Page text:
Dural Arteriovenous Fistula (DAVF)
What is a dural arteriovenous fistula (DAVF)?
A dural arteriovenous fistula (DAVF) is a vascular anomaly formed by an abnormal connection between an artery within the tough covering of the brain (dura mater) and a vein that carries blood from the brain back to the heart.
A DAVF can transfer high-pressure arterial blood into veins or venous sinuses that normally carry low-pressure, deoxygenated blood returning to the heart from the brain. This can cause neurological symptoms and bleeding into the brain (brain hemorrhage, or hemorrhagic stroke).
Dural Arteriovenous Fistula (DAVF) Symptoms
Although dural arteriovenous fistulas are located outside the brain, they can cause a wide range of neurological symptoms. Symptoms largely depend on the drainage pattern.
Symptoms may include:
- Bruit (abnormal sound associated with turbulent blood flow)
- Tinnitus (ringing in the ears)
- Visual impairment
- Papilledema (swelling of the optic disc indicative of intracranial pressure)
- Cognitive impairment
Dural Arteriovenous Fistula (DAVF) Treatments
Treatment depends on the drainage pattern of the dural arteriovenous fistula and your symptoms.
Most DAVFs can be cured with endovascular embolization, a minimally invasive procedure in which a catheter is threaded through the arteries and veins of either your wrist or leg to the site of the fistula. The fistula is then plugged with a material such as glue, a metal coil, or a balloon to correct the abnormal pattern of blood flow.
For some DAVFs, microsurgery may be recommended instead of or in addition to endovascular embolization, though these cases are rare.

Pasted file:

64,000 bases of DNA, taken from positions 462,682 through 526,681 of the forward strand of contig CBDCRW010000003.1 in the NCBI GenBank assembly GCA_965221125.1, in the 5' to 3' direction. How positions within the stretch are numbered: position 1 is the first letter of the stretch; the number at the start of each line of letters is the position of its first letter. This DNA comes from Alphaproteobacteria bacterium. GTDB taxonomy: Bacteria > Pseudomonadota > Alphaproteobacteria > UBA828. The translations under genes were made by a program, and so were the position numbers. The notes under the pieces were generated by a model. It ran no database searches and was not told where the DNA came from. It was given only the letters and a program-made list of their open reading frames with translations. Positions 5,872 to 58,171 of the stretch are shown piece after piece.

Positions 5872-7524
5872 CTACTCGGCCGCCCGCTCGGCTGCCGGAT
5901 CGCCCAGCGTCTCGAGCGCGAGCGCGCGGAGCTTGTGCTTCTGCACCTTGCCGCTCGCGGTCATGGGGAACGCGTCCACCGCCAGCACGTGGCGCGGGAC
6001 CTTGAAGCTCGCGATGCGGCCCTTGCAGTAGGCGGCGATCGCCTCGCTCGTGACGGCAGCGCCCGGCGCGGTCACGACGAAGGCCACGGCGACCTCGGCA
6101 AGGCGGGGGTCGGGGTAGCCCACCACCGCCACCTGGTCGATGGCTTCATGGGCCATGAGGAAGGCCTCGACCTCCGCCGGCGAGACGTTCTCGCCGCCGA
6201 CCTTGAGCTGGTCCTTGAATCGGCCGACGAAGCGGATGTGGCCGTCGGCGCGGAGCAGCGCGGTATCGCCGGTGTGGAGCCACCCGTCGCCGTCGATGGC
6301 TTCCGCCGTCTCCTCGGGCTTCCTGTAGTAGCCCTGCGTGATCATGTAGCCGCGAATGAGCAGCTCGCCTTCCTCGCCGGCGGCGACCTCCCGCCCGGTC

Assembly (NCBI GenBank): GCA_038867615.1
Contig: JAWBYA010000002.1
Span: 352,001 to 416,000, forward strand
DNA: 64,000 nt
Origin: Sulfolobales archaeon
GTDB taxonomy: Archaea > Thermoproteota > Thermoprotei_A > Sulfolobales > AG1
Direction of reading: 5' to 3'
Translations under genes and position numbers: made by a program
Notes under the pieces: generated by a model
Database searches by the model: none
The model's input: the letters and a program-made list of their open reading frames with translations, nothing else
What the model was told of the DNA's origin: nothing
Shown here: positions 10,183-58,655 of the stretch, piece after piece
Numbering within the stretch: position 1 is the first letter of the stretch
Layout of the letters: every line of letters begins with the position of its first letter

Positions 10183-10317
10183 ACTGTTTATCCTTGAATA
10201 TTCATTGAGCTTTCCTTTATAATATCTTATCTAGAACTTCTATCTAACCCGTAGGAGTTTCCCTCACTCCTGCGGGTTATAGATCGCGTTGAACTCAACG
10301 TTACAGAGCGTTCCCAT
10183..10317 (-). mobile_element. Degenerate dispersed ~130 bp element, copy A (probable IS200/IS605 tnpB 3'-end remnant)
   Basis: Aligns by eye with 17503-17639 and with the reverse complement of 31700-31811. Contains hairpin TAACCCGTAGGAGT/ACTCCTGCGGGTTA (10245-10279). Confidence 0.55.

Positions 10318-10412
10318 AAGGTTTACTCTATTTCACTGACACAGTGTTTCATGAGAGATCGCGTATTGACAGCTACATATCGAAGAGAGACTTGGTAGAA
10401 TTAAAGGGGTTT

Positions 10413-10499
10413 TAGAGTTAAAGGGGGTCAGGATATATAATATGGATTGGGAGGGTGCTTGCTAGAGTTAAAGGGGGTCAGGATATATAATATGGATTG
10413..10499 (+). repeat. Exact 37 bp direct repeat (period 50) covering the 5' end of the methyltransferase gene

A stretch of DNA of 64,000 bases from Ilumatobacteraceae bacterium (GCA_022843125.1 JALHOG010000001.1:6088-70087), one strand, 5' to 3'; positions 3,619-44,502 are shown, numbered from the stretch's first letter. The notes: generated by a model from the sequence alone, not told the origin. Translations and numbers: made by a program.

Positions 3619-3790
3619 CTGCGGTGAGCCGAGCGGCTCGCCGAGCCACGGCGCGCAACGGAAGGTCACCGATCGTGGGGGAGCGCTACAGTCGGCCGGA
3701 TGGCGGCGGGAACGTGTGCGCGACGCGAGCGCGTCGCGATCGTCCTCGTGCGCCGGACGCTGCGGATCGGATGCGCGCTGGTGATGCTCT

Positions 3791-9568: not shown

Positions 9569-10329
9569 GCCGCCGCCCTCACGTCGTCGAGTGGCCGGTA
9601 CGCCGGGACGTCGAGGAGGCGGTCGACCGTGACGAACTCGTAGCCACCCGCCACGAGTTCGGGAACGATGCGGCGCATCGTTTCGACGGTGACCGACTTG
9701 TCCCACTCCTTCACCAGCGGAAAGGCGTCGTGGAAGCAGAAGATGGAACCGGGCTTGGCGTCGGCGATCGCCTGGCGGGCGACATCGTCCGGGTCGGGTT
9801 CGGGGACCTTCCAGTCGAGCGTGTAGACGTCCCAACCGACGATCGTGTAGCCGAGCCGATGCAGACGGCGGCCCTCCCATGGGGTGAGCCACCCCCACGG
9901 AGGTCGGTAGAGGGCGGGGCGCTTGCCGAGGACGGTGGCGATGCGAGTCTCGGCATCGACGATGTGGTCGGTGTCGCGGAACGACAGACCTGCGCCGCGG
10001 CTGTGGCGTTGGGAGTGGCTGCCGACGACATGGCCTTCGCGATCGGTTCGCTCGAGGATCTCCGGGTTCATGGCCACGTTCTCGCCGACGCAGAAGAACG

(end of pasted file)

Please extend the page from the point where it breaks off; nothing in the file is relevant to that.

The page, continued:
How common are dural arteriovenous fistulas?
Dural arteriovenous fistulas are rare.
Who gets dural arteriovenous fistulas?
Symptoms of dural arteriovenous fistulas present at an average age of 50 to 60 years old, but people have been diagnosed at various ages. These abnormalities affect both men and women, but hemorrhages from DAVFs occur more often in men.
These vascular anomalies are usually acquired, meaning they are not present from birth. In most cases, the cause is not obvious. However, DAVFs can be associated with trauma, surgery, tumors, or infection.
How are dural arteriovenous fistulas diagnosed?
The following tests may be used to diagnose a dural arteriovenous fistula:
- MRI scan
- CT scan
- Cerebral angiography
Of these studies, cerebral angiography is the gold standard. While both CT and MRI scans may demonstrate features suggestive of a DAVF, CT and MRI can sometimes miss DAVFs. Cerebral angiography definitively identifies the existence of a DAVF and should be performed if a DAVF is suspected.
Are dural arteriovenous fistulas life threatening?
Yes, DAVFs can be life-threatening if they demonstrate high-risk features such as increased venous pressure and narrowing of the associated dural sinuses.
Can a dural arteriovenous fistula be cured?
Yes, the most common means of treating—and curing—a DAVF is through endovascular embolization. Open brain surgery rarely is required to treat a DAVF.
What causes dural arteriovenous fistula?
The majority of DAVF have no known cause. However, certain conditions such as infection, cranial trauma, tumors, and prior surgery may make it more likely that you will develop a DAVF. Some hereditary vascular diseases are also associated with a higher rate of DAVF.
What is high-risk dural arteriovenous fistula?
These are DAVF that are associated with increased venous pressure or narrowing of the veins on the covering of the brain. Veins under increased pressure can rupture causing intracerebral hemorrhage.